- One millisecond end-to-end round trip delay
- 1000x bandwidth per unit area
- 10 to 100x number of connected devices
- (Perception of) 99.999 percent availability
- (Perception of) 100 percent coverage
- 90 percent reduction in network energy usage
- Up to ten-year battery life for low power, machine-type devices
What products will use 5G?
While smartphones are likely to be the torchbearers for 5G as a technology, they’re far from the only device that’ll use the network. Tablets, connected-cars, drones, virtual reality headsets, wearables and smart city infrastructure are all expected to play a role in our collective 5G future.
At MWC 2018, Intel showed off a concept 2-in-1 PC and said that they’ll be working with OEMs like Dell, HP and Lenovo to develop portable PCs that come 5G-enabled.
Expect more and more 5G devices to make their way to market in the coming years.
How much will 5G cost?
While seemingly-everyone in the tech world has plenty of exciting things to say about what 5G will allow them to do, nobody is rushing to talk about how much this network upgrade will cost end-users or telecom providers - both directly and indirectly.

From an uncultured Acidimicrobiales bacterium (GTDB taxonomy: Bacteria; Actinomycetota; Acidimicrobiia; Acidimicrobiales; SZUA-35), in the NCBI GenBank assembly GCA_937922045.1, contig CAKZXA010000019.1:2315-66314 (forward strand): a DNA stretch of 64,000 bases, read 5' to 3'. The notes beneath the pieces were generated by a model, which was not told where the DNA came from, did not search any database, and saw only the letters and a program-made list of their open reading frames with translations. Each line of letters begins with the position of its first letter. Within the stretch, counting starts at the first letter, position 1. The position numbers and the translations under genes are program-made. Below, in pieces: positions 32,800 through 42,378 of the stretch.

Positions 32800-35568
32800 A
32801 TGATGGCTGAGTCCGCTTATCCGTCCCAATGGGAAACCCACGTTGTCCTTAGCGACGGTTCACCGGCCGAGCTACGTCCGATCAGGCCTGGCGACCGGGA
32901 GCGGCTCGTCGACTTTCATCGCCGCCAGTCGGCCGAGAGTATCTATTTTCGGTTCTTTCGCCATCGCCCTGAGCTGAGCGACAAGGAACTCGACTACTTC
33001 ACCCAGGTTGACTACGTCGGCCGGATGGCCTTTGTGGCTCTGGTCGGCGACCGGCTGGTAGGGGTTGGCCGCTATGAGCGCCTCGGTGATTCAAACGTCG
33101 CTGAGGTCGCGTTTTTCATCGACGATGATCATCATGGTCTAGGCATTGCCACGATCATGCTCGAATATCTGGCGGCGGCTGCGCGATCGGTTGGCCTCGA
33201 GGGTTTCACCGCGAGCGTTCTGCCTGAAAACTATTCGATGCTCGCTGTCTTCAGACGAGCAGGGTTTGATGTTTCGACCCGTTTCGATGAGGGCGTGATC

Overseas, some estimates have suggested that the infrastructure costs of Europe’s 5G upgrade could range from €300bn to €500bn. Locally, some say that Australia’s size could see local vendors rack up a similarly-sized bill.
In 2016, Telstra CEO Andy Penn indicated the company planned to invest an extra $3 billion into its core networks over the next three years in order to meet challenges like 5G.
5G is coming - but it won't be cheap and local carriers will look to make back that money in other ways.
As with 4G, you will need to buy a new phone in order to connect to 5G networks. And naturally, early adopters looking to jump aboard sooner rather than later are going to be paying a premium to do so.
The first wave of 5G modems from Qualcomm, Huawei, Samsung and others aren't integrated with their mobile SoC products in the same way that modern modems are. For this reason, the first wave of 5G handsets are all priced above their 4G counterparts and they also tend to consumer more power.